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Fitting numerical models with Template Model Builder

Fitting the parameters of a complex numerical model can be a daunting task. The Template Model Builder (TMB) package for R is designed for optimizing the parameters in an efficient way. Here, we will look at its impementation on an easy artificial example.

In some applications, model parameters are part of a complex arrangement of equations that describe e.g. a natural system. In such numerical models, a large number of different processes interact to generate predictions of some observable quantity. One example is fish catches, which are typically modelled using a numerical population model, which integrates natural- and fishery-induced mortality processes, as well as the replenishment of the harvested fish stock with juveniles; further extensions can address the growth of individual fish. Parameters for such complex model are often taken from the literature, more specifically from recorded experiments done in the field or in a lab. In some cases, however, parameters might need to be estimated using statistical optimization.

Previous articles have explained optimization procedures in relatively simple settings, where the parameters of one equation were to be fitted in a non-numerical context. These optimization procedures do not require a particularly large amount of computing time (Neural Networks may be an exception, though.). Numerical models, on the other hand, can require a relatively large amount of computing time due to the large number of calculations involved, and the fact that an unpredictable number of iterations of computing model outcome and updating model parameters (via gradient descent) is necessary to achieve convergence in fitting the model (i.e., to achieve a "final state" in the fitting procedure, where deviations between observations and predictions are minimal). The choice of programming language can make a difference in the time required for fitting.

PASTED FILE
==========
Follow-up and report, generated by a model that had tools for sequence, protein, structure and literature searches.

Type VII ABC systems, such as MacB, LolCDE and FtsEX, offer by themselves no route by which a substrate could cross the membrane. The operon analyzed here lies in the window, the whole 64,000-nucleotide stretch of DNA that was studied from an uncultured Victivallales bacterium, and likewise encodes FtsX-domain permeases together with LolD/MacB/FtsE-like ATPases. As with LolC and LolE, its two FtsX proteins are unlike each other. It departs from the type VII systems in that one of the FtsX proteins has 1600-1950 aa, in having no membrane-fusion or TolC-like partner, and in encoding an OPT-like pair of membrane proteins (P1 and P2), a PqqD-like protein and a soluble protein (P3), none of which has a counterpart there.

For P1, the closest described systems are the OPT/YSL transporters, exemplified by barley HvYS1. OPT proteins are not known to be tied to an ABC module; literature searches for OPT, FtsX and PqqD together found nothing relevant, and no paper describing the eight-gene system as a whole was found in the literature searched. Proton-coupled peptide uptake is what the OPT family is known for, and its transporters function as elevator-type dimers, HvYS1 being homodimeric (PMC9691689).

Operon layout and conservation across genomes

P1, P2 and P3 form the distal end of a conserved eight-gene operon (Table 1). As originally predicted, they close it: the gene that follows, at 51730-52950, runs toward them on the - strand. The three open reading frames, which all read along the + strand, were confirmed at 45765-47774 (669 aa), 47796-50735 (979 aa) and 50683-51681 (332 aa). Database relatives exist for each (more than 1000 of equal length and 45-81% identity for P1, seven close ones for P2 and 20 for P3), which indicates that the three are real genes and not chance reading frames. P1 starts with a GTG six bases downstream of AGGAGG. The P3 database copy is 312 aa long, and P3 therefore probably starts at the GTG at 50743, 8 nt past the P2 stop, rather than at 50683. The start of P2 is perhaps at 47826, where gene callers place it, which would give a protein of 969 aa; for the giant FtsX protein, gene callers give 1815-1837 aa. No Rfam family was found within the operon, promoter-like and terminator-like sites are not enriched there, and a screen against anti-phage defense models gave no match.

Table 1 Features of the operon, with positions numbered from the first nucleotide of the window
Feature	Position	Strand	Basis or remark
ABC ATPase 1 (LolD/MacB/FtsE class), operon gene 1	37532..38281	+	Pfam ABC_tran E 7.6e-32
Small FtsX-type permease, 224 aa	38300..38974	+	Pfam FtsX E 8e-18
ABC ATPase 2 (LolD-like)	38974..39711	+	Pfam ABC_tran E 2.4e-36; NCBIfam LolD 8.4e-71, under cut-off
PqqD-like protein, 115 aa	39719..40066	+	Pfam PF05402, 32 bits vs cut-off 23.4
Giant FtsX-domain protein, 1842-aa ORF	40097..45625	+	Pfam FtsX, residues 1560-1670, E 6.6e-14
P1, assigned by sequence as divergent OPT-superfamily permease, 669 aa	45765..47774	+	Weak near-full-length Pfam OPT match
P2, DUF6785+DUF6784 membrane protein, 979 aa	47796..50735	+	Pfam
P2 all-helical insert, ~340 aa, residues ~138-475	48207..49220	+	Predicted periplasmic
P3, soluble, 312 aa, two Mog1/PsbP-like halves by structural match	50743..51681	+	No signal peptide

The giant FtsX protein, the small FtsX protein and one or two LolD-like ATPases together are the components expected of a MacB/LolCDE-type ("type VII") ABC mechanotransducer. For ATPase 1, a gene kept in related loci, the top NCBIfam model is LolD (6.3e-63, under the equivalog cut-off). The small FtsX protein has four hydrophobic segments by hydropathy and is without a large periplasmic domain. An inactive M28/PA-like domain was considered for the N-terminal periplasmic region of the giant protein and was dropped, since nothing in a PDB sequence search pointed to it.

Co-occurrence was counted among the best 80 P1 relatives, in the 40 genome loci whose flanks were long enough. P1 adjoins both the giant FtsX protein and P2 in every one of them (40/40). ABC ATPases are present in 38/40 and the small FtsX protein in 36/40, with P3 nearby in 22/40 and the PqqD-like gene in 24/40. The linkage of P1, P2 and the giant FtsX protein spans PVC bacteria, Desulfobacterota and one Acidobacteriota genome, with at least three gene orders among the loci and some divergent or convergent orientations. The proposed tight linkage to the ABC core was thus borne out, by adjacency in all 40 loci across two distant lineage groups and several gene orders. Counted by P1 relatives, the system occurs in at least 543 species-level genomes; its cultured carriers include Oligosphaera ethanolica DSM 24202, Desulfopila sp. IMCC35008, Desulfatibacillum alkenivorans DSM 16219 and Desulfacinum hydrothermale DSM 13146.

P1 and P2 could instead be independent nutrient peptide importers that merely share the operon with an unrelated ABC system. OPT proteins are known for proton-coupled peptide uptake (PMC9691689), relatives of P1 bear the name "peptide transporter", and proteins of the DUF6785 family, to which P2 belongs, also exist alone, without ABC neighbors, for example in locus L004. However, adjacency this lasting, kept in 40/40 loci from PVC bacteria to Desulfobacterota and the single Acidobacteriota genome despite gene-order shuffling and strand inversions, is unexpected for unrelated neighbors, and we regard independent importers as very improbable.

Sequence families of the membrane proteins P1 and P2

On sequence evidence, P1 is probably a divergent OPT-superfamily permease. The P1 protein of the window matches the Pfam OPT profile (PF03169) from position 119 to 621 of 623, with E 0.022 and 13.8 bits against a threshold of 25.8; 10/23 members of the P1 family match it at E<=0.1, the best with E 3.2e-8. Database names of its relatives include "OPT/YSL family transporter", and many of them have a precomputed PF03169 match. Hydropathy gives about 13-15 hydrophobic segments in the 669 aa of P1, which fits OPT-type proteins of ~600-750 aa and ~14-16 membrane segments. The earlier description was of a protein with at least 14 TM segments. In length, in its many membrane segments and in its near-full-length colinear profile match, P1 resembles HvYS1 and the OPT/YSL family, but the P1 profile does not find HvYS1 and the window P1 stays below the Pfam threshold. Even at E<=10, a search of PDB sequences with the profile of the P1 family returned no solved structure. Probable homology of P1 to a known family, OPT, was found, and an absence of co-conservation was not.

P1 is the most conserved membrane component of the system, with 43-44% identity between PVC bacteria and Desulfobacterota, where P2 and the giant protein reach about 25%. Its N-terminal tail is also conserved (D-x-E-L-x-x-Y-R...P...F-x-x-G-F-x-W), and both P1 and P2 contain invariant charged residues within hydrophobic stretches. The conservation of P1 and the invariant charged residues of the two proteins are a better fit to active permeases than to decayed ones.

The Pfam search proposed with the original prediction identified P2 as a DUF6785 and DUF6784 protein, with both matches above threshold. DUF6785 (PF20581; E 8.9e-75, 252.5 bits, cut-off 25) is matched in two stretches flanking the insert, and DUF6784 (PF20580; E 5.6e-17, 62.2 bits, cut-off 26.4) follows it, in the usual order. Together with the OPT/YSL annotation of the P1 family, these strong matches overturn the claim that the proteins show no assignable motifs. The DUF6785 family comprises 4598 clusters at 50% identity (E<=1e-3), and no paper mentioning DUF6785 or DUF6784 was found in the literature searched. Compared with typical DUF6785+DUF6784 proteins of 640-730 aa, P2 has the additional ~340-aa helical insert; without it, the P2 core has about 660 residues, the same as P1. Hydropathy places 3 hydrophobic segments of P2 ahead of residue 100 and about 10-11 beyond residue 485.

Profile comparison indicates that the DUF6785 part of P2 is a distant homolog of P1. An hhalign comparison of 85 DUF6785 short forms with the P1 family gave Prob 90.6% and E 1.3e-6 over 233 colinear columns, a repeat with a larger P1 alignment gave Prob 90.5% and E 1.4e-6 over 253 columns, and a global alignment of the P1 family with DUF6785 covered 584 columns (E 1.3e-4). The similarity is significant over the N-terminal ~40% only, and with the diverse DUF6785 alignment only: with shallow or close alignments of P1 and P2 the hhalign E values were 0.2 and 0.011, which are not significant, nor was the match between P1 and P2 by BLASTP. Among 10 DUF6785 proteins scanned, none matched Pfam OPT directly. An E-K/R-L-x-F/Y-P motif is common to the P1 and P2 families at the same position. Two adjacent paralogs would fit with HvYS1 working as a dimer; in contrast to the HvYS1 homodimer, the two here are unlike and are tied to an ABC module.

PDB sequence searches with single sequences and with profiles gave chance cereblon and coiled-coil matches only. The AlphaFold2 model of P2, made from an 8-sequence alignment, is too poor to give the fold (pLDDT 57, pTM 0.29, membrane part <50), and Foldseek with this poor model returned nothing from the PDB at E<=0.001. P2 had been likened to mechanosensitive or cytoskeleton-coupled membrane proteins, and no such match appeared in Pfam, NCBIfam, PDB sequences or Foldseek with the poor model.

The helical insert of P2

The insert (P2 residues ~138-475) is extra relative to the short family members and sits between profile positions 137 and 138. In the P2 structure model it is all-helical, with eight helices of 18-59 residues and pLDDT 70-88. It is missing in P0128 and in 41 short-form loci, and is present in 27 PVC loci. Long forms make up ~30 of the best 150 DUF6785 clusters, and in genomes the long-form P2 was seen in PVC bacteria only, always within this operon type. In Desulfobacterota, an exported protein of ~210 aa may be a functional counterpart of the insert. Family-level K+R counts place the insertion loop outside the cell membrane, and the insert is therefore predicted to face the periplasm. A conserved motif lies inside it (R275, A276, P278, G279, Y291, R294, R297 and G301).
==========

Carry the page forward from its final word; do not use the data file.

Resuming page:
Template Model Builder (TMB) (Kristensen et al., 2016) is an R package written especially for fitting the parameters of complex numerical models. It makes use of the auto-differentiating capability of the computer to generate the partial derivatives of the equations included in the numerical model. These partial derivative equations are necessary to calculate the parameter-specific gradient of the loss generated by the model, i.e. they are essential for updating the parameter values in order to achieve better model predictions. The numerical model itself, or more precisely the calculation of the loss that expresses the (aggregated) deviation between model predictions and observations, is written in a C++ file, which is usually faster than the R programming language at performing the model computations. Output from the C++ operations is fed back to R, where the optimization procedures take place. Note that TMB operations also require the installation of the RTools software, but must be downloaded and installed separately from the web.

Here, we will look at an example application of TMB in the fitting of parameters of a growth model, more specifically the van-Bertalanffy growth model for fish. This model is actually quite simple, and it has an analytical solution, which means that it can be written as a single equation instead of a numerical process of incremental growth over time steps of finite length. The latter is a non-formal description of numerical integration, a procedure applied to calculate integrals (and often estimate prameters along the line) where there exists no analytical solution to a differential equation. The analytical solution of the growth equation would enable parameter estimation using methods described in previous articles (e.g. via the nls fuction in R). However, the numerical expression of the growth process represents an easy, simple example to demonstrate parameter fitting via TMB.

An assumption in many numerical models that describe a natural system is the existence of two sources of unexplained variation (or "error") in the observed data: the first source is the so-called observation error. This is the deviation between observation and reality that results from flawed and non-systematic measurement error, be it due to flawed measurement equipment or difficulties in field sampling. The second source is termed process error. Here, the term "error" is a bit misleading, since the term describes natural variability, i.e. the existence of uncertainty that exists due to the model not capturing every single natural process involved in e.g. growth (and thus being an approximation). Unlike the case with observation error, the process error is part of the natural system one seeks to describe with the model, and the state of the natural system at one time step depends on both its state in the previous time step and on unexplained natural variability. In the example of fish growth, the size of the fish at a given time step depends on both its size at the previous time step and on undescribed additional processes. (this property is one characteristic of so-called state-space models).